We are interested in the following notions in the case $G=S_N$, the symmetric group on $\{1,\dots,N\}$.

Fix a group $G$ and a number $d$. For $(g_1,\dots,g_d)\in G^d$ and $x\in G$, define
$$(g_1,\dots,g_d)^x := (g_1^x,\dots,g_d^x).$$
(Throughout, $g^x:=x^{-1}gx$.)
$d$-tuples $g=(g_1,\dots,g_d)$ and $h=(h_1,\dots,h_d)$ in $G^d$ are *conjugate* if there is $x\in G$ such that (in the above notation) $g^x=h$.
The ($d$-dimensional) *Simultaneous Conjugacy Problem (SCP)* is $G$ is that of deciding whether
given $d$-tuples $g,h\in G^d$ are conjugate.

We need an efficient solution of the SCP in the symmetric group $S_N$. (In fact, for our specific use we are more interested in the *search* version of this problem (given conjugate $g,h\in G^d$, find $x\in G$ such that $g^x=h$), if that matters.)

One very nice way to solve the SCP is to come up with efficiently computable representatives of conjugacy classes. For ordinary (1-dimensional) conjugacy this is trivial: E.g., the representative of the conjugacy class of the permutation $(7, 9, 5, 3)(1, 2, 4)(6,8)\in S_9$ would be $(1,2,3,4)(5,6,7)(8,9)$. For larger dimension $d$, one can define the representative as follows:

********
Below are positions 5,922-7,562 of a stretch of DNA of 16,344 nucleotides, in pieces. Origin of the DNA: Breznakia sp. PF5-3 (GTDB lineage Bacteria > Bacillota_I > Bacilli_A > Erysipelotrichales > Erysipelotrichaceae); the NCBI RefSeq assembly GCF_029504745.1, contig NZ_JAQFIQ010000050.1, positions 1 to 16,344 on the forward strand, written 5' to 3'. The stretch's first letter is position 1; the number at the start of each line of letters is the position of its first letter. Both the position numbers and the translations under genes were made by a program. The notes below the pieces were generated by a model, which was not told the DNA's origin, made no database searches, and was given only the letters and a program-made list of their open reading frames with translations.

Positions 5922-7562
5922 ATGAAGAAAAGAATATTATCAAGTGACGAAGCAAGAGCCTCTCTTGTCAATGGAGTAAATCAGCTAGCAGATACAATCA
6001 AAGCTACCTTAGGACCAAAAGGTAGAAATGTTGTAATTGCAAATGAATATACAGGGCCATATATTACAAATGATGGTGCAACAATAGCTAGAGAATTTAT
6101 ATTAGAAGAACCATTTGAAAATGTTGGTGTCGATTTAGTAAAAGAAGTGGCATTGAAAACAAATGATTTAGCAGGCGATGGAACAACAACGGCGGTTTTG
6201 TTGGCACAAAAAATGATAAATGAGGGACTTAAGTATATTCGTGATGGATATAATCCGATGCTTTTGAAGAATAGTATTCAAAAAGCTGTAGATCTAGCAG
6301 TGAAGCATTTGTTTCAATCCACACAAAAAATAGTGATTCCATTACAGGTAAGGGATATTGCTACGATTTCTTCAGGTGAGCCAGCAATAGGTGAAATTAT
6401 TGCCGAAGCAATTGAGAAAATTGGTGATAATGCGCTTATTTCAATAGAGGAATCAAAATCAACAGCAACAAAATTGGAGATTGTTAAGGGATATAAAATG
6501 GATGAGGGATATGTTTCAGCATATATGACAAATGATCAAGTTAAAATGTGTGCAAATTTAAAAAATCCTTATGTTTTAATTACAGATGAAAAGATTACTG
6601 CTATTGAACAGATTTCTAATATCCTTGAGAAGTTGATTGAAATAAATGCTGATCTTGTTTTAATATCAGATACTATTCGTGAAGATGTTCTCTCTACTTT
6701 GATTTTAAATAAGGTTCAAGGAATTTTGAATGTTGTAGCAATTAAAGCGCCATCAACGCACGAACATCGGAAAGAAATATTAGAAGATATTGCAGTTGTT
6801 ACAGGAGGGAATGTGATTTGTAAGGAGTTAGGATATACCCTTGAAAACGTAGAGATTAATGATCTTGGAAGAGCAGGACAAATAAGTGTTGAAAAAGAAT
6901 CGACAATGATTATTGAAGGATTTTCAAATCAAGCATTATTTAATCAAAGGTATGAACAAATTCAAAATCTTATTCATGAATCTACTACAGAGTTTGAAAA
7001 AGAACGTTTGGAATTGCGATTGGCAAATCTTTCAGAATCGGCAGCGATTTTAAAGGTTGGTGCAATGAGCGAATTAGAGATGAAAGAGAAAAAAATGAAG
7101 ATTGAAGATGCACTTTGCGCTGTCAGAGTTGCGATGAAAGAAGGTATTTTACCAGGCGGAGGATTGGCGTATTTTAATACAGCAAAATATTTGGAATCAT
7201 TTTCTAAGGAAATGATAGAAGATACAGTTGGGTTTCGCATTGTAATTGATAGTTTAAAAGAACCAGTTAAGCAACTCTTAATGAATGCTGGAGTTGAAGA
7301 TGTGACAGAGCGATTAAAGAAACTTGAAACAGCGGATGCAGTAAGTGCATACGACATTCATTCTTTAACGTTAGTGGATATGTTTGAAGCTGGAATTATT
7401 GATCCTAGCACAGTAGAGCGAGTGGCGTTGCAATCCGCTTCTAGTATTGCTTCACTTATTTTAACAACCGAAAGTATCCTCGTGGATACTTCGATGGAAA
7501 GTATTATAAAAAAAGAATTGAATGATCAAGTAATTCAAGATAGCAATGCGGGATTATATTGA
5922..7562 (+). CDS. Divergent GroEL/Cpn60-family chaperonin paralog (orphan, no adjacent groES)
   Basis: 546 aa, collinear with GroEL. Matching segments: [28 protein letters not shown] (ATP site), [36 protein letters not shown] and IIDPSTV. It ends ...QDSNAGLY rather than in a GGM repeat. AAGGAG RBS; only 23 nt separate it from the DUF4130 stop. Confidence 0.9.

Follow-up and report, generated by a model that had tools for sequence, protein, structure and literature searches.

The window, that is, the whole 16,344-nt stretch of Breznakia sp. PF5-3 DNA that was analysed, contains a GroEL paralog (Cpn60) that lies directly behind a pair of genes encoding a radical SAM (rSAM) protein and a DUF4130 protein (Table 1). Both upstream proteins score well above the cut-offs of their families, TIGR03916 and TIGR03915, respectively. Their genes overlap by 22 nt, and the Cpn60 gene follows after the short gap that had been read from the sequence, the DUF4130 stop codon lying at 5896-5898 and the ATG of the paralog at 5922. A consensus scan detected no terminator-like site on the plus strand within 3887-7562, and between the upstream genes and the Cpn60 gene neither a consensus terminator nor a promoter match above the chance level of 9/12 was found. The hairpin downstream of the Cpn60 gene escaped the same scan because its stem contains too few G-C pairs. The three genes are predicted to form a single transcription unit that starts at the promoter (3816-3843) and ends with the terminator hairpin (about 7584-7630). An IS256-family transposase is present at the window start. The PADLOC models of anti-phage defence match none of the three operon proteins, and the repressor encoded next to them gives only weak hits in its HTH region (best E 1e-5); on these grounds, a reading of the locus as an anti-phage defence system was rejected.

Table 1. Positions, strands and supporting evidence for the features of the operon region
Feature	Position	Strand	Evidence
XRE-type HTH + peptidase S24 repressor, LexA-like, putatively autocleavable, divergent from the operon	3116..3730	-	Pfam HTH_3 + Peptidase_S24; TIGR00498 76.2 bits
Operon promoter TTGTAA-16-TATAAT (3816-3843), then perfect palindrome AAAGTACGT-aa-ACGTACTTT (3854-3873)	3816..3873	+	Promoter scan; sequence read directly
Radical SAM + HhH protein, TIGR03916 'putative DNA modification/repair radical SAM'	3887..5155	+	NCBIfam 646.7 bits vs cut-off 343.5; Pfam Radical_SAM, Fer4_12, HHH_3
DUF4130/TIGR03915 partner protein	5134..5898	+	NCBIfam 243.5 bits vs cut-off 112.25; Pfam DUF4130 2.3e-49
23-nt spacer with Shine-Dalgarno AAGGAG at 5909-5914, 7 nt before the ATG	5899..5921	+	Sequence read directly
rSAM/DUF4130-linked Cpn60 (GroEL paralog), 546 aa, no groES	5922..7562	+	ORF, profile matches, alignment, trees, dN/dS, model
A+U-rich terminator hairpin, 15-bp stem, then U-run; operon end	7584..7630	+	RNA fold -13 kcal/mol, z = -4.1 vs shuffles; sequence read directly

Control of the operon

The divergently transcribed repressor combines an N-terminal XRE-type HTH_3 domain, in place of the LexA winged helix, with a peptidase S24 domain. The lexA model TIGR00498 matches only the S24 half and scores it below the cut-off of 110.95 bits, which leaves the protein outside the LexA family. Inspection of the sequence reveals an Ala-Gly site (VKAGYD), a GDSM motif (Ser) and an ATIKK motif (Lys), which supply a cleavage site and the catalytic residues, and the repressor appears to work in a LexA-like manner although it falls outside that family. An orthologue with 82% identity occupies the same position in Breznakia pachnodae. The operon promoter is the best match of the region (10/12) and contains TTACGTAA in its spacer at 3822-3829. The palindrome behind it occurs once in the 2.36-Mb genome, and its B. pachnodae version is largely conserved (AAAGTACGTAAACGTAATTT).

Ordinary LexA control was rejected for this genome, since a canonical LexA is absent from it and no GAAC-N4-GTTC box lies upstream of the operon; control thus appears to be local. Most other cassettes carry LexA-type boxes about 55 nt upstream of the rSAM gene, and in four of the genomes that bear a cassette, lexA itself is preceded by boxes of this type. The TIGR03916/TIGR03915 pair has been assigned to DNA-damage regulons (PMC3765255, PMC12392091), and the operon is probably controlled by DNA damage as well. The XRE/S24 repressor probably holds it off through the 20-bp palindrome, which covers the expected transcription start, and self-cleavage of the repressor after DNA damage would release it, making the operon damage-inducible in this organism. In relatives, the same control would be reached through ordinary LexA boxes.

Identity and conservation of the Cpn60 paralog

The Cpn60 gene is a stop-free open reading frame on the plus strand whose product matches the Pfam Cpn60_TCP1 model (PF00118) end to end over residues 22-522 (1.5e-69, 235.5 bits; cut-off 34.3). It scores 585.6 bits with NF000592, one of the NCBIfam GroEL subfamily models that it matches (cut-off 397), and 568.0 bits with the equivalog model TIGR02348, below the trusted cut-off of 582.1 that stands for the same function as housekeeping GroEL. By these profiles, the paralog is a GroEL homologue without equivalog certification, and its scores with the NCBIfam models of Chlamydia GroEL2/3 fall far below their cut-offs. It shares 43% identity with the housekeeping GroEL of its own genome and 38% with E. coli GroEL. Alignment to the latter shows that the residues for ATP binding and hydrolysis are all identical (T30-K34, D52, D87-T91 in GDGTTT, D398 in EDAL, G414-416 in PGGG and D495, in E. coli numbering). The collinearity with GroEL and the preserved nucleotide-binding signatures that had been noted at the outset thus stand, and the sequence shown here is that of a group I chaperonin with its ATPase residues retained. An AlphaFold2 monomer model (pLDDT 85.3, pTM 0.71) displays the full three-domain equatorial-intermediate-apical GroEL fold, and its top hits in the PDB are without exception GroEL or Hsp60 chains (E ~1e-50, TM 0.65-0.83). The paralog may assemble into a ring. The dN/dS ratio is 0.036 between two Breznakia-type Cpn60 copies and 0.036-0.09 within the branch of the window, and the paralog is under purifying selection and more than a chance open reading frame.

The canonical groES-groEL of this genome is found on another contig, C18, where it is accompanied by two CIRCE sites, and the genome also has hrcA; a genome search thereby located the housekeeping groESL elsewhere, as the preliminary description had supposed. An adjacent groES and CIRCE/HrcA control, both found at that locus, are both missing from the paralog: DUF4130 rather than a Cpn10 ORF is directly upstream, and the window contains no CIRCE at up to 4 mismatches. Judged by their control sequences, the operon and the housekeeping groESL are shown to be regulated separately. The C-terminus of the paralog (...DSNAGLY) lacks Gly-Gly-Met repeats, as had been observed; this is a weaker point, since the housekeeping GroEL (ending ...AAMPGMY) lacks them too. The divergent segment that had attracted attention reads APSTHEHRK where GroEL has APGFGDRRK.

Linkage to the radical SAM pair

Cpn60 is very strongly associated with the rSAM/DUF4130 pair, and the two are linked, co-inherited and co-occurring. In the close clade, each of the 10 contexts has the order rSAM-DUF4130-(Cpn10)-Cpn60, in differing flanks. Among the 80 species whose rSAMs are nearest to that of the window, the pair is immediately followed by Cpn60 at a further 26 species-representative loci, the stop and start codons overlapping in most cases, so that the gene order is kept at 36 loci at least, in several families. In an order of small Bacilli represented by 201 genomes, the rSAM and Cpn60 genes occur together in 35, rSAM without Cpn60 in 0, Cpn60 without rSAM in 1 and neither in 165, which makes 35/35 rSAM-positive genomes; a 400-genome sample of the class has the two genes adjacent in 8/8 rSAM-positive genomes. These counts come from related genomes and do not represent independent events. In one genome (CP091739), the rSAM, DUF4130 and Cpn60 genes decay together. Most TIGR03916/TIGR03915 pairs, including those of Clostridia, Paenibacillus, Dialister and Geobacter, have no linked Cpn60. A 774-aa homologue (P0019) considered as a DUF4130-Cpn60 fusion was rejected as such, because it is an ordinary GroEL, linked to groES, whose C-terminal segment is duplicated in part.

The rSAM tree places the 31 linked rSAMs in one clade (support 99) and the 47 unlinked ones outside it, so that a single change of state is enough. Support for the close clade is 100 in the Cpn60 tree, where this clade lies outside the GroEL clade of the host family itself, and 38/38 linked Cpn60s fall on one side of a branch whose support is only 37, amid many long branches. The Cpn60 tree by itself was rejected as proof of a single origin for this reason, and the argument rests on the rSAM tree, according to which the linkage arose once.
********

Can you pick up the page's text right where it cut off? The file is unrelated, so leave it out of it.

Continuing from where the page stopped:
Define a linear order on $S_N$ as follows: Given $g$, order its cycles from longest to shortest. Make each cycle begin with its minimal element, and order every set of cycles of equal length by their first element. This results in a sequence of $N$ natural numbers. Compare two permutations by comparing their corresponding sequences, lexicographically.

Given $(g_1,\dots,g_d)\in S_N^d$, bring $g_1$ by conjugation to the above canonical form $\tilde g_1$. Then minimize $g_2$ by conjugation with elements of the centeralizer of $\tilde g_1$ to obtain $\tilde g_2$, then minimize $g_3$ by conjugation with elements of the centeralizer of $\{\tilde g_1,\tilde g_2\}$ to obtain $\tilde g_3$, etc. The canonical representative is $(\tilde g_1,\dots,\tilde g_d)$ (and we can also keep track how to conjugate there).

**Question:** In the above notation, can we find $(\tilde g_1,\dots,\tilde g_d)$ in polynomial time?

Of course, I would appreciate any efficient solution of the SCP.

*Comments:*

In each stage, one can take generators of the centralizers, compute the orbits using them, and choose the minimal elements. This is better than conjugating by the whole centralizer, but seems inefficient in the worst case.

This algorithm is needed to speed up an algorithm for the SCP in Artin's braid group $B_N$.

The answers for a related question do not seem to help here.